Financial markets, especially the major pairings in the foreign exchange market, are in the summer doldrums once again, with prices confined to tight ranges and opportunities for quick gains few and far between. Are we experiencing the typical swoon attributed to investors going away in May to return another day? Brexit brought with it a newfound uncertainty in market direction, but even this jerk in the chain seems to have dissipated over the month of July. A calmness has set in, but analysts tend to worry at the least of provocations, and their latest concern is the fall in oil prices and potential consequences.
What happened to the major fundamental drivers for 2016? Election hysteria in the U.S. has yet to send the markets roiling into panic mode. The Fed, caught like a deer that has frozen in the headlights of a slackening global economy, has backed off hiking interest rates, at least for now. China is still China, no great fall or disruption in those parts, except for ongoing adjustments to low demand demographics. Europe is taking a hit due to terrorist activity scaring away tourists, and commodities have surged, if you ignore oil prices. Yes, the oil rollercoaster is in the news again, and investors are worried.
Is it time for a mid-course correction for 2016? How will each fundamental driver in the marketplace behave over the remainder of the year? What are the prospects for recession going forward? Will volatility pick up steam once the analyst community gets back to their desks in September, as in prior periods? Questions, questions, always questions, but very little in the way of accurate answers to guide our near-term thinking. These are the times when judgment and experience are supposed to prevail. A current snapshot of global considerations may be the best place to start.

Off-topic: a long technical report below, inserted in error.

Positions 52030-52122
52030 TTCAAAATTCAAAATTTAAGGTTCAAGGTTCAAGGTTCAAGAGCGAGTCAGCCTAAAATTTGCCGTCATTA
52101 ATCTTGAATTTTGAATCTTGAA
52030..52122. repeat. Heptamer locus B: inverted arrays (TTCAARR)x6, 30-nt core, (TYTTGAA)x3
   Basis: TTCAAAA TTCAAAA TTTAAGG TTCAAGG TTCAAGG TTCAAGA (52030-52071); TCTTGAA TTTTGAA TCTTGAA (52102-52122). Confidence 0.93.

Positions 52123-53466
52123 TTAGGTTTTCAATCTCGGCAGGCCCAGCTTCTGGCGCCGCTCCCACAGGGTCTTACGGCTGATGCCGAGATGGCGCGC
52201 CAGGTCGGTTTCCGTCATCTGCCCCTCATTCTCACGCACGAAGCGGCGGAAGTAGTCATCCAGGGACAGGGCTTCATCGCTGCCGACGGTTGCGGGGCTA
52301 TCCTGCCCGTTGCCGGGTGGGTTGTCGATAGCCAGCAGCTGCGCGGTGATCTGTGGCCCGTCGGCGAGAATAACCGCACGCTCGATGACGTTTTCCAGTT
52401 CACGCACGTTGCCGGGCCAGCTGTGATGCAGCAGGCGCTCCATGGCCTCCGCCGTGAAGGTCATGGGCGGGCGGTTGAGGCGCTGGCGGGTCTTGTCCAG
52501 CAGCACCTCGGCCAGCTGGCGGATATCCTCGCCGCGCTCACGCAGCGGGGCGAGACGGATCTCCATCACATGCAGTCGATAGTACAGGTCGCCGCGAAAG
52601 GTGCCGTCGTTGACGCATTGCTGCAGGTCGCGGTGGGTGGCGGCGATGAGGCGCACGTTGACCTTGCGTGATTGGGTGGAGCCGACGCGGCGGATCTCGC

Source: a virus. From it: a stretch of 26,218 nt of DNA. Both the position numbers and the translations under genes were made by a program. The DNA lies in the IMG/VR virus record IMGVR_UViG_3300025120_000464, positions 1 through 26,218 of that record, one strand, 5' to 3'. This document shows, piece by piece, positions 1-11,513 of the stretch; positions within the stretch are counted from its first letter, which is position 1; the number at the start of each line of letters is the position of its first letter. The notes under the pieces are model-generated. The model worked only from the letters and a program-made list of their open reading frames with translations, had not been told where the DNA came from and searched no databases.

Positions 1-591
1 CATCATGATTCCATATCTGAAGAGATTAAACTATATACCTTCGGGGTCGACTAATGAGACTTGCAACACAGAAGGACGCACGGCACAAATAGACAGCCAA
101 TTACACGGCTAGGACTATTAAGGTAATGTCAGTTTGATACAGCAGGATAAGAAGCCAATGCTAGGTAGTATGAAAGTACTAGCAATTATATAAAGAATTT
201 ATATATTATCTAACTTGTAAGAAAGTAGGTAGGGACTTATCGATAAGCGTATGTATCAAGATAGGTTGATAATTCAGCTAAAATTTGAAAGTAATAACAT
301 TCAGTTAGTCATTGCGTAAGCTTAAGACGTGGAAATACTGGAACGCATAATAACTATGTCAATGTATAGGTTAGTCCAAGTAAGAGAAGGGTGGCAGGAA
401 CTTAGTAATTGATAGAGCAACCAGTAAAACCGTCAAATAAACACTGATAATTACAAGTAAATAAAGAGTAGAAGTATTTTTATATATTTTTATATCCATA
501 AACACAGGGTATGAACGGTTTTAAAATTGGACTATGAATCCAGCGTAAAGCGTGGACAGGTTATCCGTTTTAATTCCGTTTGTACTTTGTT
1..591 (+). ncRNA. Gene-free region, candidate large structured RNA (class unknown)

A quick review of current global fundamentals
In no particular order, here is a brief rundown of the “Big Four” fundamental forces at play in today’s financial markets:
1) Fed Rate Hikes: When 2016 commenced, the Fed was prepared to make four rate hikes over the ensuing year in order to initiate its interest rate normalization process, which it had been telegraphing to markets for months. China, commodity process, and dismal economic developments on the global front soon caused the central bank to back off its aggressive plan. At its last meeting, it failed to raise rates again, but the prospects for a rate hike this year continue to be on its lips, especially when Fed governors choose to speak publicly about the topic. Charles Evans, President of the Chicago Federal Reserve, said yesterday that the U.S. economy is doing “quite well”, especially given the uncertainties overseas, and that, “I will give you the punch line which is what you’re looking for which is I do think that perhaps one rate increase could be appropriate this year.” The spotlight now shifts to September. The USD index had slipped nearly 10% into May, but it has regained its strength, settling in around 95, down from its 101 peak. As the September meeting nears, look for further appreciation.